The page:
In between courses, people had a chance to visit. Marcia is chatting with Anne Karcher (below right) with Dr. Steve Obstbaum from New York City to her left.
Then our main course was a slow roast Scottish beef fillet with shredded beef horseradish and crust butter fondant potato-carrot puree with shallot and red wine jus followed by the dessert of bitter orange tart with Drambuie ice cream and kumquat marmalade lemon chiboust.
After we finished our coffee with petit fours and tablet fudge biscuits the Scottish girls came out accompanied by bagpipers to perform a dance for us.
After they finished performing, they started inviting the others to join them in Scottish dancing. Marcia wasn't interested but they finally convinced her to get up there (below center) while I tried acting inconspicuous as possible. But then they even dragged me up there (below right, thanks to Dr. Lin).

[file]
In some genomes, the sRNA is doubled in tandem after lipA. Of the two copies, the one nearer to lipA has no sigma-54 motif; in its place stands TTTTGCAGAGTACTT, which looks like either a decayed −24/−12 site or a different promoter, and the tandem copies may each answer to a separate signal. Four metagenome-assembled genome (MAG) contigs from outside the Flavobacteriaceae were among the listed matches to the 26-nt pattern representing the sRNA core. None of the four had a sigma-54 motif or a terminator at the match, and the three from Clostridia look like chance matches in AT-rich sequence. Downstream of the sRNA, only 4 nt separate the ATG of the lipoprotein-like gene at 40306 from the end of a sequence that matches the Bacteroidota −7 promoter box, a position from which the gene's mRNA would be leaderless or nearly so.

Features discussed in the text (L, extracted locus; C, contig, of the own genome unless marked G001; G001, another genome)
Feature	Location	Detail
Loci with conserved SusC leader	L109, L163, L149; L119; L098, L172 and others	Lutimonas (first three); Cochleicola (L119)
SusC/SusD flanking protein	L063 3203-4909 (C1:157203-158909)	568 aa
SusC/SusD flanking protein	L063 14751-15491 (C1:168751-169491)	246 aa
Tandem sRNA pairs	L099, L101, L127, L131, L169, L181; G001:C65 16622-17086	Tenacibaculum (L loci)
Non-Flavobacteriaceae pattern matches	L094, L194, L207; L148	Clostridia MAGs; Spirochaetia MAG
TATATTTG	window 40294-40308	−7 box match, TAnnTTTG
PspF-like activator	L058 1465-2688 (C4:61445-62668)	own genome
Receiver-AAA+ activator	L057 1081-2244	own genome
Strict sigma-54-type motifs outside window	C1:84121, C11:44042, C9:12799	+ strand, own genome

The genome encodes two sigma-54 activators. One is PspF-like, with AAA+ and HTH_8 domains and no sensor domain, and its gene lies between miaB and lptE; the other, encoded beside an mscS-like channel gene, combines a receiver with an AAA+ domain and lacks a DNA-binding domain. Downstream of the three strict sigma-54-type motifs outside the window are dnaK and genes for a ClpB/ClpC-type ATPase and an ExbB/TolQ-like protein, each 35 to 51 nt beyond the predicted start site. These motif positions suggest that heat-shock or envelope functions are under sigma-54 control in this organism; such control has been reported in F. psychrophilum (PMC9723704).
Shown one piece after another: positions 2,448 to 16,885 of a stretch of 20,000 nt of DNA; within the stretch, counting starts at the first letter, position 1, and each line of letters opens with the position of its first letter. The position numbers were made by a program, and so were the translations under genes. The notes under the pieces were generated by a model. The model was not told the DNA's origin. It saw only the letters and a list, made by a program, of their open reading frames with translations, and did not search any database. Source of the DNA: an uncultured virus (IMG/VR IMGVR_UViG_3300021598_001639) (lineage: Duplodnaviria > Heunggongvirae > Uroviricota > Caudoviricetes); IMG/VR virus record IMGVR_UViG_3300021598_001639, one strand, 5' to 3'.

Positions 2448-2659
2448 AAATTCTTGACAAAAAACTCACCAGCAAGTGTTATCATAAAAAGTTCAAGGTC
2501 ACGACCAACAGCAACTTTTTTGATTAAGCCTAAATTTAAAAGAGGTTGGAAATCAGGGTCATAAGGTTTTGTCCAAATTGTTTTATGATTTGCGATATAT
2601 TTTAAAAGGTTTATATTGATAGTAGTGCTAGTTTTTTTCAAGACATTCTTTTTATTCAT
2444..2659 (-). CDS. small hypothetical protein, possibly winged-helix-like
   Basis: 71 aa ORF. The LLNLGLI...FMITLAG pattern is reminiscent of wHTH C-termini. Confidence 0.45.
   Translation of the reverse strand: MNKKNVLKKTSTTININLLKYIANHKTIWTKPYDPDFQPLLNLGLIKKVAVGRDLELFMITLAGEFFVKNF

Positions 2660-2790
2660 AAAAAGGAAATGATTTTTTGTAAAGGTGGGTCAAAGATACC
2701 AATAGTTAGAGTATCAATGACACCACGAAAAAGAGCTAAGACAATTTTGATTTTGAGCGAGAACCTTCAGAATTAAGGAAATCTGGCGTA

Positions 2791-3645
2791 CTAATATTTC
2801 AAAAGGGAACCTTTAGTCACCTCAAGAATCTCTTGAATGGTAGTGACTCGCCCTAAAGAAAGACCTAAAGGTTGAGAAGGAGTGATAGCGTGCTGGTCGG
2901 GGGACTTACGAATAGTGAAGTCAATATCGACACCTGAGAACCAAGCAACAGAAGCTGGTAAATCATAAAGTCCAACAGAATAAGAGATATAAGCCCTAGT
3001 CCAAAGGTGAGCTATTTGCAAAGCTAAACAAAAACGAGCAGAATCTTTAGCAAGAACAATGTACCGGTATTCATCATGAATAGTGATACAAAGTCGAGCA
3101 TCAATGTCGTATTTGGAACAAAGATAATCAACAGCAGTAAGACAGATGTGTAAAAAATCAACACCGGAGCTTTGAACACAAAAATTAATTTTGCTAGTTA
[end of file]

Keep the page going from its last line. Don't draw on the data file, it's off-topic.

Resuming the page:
As the evening wound down, everyone had a good time and it was really a Gala Dinner. I have to congratulate Drs. Knorz and Barrett for the time and effort they put in to make this whole event really special. We finally drove back to our room and I get to put that jacket away until the meeting in Barcelona in September. We got to bed a little earlier since I have Mass in the morning and then we have to drive to Edinburgh.
KJH GO TO -> NEXT DIARIO #10
Kenneth J. Hoffer, MD